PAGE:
Top five books 2010

This is the first Christmas for the self hosted version of my blog. As was customary on my old internet home, I’d like to take some time to draw your attention to the books I particularly enjoyed reading this year and, looking back, I’m surprised how much I got through this year. Anyway, I’ve whittled it down to five (books not yet published aren’t included because that seems like wasting the kudos, rest assured I’ll plug them when they are available to everyone).

Remember this is just my reading NOT a top five of books released this year. Here goes:

5. New Model Army by Adam Roberts – Long term readers of my blog will know I was an effusive supporter of Adam’s 2009 release Yellow Blue Tibia which, in any other year, would have walked away with the Arthur C Clarke award but had the misfortune to be up against China Miéville’s The City & The City. New Model Army is one of the best examples of Roberts’s penchant for stretching the fabric of the novel to the limits and I wasn’t sure in the beginning if I could stick with it. Stick with it I did and I wasn’t sorry: it’s really very clever. I didn’t, however, expect it to be as prescient as it proved to be only a few months later as the student protests formed using social media to co-ordinate the leaderless demos sprinkled with direct action (they weren’t real riots scoffs the Bradford Alumni) that the Police struggled to deal with. That’s without the follow on which looks likely to lead to even wider disparity between Scotland, England and Wales. Read this clever book. (Note: The book isn’t about tuition fees, it’s conceit is based around armies run on a literal interpretation of democracy enabled through social media type networks.)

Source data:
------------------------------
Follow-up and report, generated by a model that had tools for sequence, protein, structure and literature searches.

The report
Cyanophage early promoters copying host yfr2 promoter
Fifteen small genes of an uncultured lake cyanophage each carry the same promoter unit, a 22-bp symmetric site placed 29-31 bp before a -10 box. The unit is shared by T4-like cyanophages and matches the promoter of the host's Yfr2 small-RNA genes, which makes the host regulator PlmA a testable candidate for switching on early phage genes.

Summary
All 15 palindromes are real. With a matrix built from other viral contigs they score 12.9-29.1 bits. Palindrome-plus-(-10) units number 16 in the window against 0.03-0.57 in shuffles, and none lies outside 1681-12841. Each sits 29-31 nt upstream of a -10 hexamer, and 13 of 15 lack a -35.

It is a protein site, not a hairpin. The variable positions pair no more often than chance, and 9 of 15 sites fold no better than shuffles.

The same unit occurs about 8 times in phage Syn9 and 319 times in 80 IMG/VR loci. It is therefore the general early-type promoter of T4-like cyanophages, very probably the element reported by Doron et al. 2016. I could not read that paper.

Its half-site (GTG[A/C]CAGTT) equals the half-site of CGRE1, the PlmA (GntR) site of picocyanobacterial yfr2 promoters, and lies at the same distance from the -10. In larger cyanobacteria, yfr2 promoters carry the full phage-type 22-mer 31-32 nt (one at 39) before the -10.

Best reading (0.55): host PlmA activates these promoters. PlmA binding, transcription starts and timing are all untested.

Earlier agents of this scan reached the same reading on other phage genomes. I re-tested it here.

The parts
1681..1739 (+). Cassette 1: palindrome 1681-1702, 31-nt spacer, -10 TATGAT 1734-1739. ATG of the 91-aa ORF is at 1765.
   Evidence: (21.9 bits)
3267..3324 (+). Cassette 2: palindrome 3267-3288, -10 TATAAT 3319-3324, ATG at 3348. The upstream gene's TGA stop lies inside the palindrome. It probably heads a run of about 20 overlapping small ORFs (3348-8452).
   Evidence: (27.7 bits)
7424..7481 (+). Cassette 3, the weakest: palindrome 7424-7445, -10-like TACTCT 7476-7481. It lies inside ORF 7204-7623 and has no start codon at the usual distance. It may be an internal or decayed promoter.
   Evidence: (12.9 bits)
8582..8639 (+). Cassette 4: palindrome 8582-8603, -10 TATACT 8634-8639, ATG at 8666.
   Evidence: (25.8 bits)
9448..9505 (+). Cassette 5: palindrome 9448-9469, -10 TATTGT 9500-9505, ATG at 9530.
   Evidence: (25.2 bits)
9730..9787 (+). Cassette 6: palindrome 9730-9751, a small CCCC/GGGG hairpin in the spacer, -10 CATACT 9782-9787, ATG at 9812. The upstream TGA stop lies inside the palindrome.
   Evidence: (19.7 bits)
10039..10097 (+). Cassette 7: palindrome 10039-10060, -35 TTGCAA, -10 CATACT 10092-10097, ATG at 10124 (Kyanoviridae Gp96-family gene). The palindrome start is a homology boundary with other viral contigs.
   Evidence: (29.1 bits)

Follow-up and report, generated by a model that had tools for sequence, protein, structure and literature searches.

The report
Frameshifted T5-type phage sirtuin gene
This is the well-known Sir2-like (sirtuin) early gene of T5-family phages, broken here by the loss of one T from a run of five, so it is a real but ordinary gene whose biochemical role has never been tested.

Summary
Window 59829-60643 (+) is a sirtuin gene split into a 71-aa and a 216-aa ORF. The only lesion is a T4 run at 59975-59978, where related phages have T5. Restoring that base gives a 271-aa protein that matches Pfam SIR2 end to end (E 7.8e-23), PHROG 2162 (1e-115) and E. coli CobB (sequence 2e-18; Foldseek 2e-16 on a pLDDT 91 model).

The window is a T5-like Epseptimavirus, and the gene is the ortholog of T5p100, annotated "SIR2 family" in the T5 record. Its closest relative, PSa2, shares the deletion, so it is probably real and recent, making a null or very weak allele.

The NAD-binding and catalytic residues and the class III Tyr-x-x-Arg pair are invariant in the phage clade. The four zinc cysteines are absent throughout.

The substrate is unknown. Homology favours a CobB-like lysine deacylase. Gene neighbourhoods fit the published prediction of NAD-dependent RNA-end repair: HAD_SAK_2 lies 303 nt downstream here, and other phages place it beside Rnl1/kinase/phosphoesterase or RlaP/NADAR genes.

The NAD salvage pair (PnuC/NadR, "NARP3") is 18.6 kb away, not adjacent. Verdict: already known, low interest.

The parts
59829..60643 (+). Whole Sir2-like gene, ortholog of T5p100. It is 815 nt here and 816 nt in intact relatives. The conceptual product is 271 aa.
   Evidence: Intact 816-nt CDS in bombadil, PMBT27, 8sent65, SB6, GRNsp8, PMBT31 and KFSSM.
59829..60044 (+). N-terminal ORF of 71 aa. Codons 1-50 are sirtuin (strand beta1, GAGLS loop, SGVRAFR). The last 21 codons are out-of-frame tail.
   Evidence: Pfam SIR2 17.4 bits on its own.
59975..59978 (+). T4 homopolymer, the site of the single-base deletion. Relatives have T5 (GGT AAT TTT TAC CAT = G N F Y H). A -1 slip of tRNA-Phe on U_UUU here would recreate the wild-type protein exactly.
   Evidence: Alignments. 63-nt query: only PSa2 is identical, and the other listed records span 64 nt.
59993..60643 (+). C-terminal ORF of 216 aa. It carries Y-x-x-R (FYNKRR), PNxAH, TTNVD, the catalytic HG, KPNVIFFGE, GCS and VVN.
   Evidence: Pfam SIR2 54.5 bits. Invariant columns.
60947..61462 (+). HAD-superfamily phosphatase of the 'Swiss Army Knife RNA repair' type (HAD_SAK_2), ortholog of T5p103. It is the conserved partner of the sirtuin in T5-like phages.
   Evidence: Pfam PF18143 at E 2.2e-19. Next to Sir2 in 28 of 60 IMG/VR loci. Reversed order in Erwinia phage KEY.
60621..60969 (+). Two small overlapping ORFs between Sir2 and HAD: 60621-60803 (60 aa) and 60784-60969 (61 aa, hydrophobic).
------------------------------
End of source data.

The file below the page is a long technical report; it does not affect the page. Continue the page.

4. The Course of The Heart by M John Harrison – I’m *very* late to the party with Harrison’s work but this was the year I read three of his books in close succession and while everyone from raves about Light (it is good) personally the book I enjoyed the most was The Course of the Heart. This novel that explores themes around love and relationship and image and obsession is – as is all his work – beautifully written and cleverly crafted with lightly woven genre elements repleat with symbolism without spilling into allegory. That Harrison is not more widely known outside of genre is a crime. Beautiful novel.

3. Horns by Joe Hill – Long term readers will know I am an unashamed Joe Hill fan boy. Hill’s debut novel, Heart Shaped Box, was a skillful and enjoyable riff on a classic ghost story that employed a 21st century twist. It did very well and expectations were high for his second book but I didn’t expect such a clever employment of real world characters within a conceit that really shouldn’t work but somehow does. Exploring heavyweight themes around love, guilt and the nature of evil within a ripping yarn is the kind of fiction I live for. Better than his dad. Read his stuff.

2. The Good Fairies of New York by Martin Millar – I picked this book up because a) the title kicks arse; b) Neil Gaiman said Millar had good chops; c) any book that opens with drunk punk fairies is alright with me. This slim volume is wonderful weaving of character driven story about love, loneliness in a melting pot of a city and the little slices of our ancestral homes we bring with us to such places. It’s told in the kind of sparse beautiful prose that is the mark of master writers like Cormac McCarthy but with a generous humour and I urge you to pick up a copy. You don’t have to believe me: Neil Gaiman agrees.

1. Let The Right One In by John Ajvide Lindqvist – Vampires are ubiquitous these days. You can watch gothed up pretty boys and girls wander around looking mournful, and having dull predictable love stories that – if you switched the costumes – could be turned into bodice rippers without too much trouble, to your heart’s content. If you want proper horror, a true reminder of just why you should be afraid of the dark, then Lindqvist is where it’s at. Lindqvist’s beautiful and disturbing tale of a child vampire is such a masterful meditation on the nature of evil, love, horror and rage that I find it hard not to sing the praises to everyone I meet. Like the smartest writers Lindqvist has taken a cliche that has become so over-used it’s hackneyed and reminded us why you should cross the street to avoid the fangs. This book is not for the faint hearted but well worth the effort for it is very nearly the perfect horror novel.

What were your picks?

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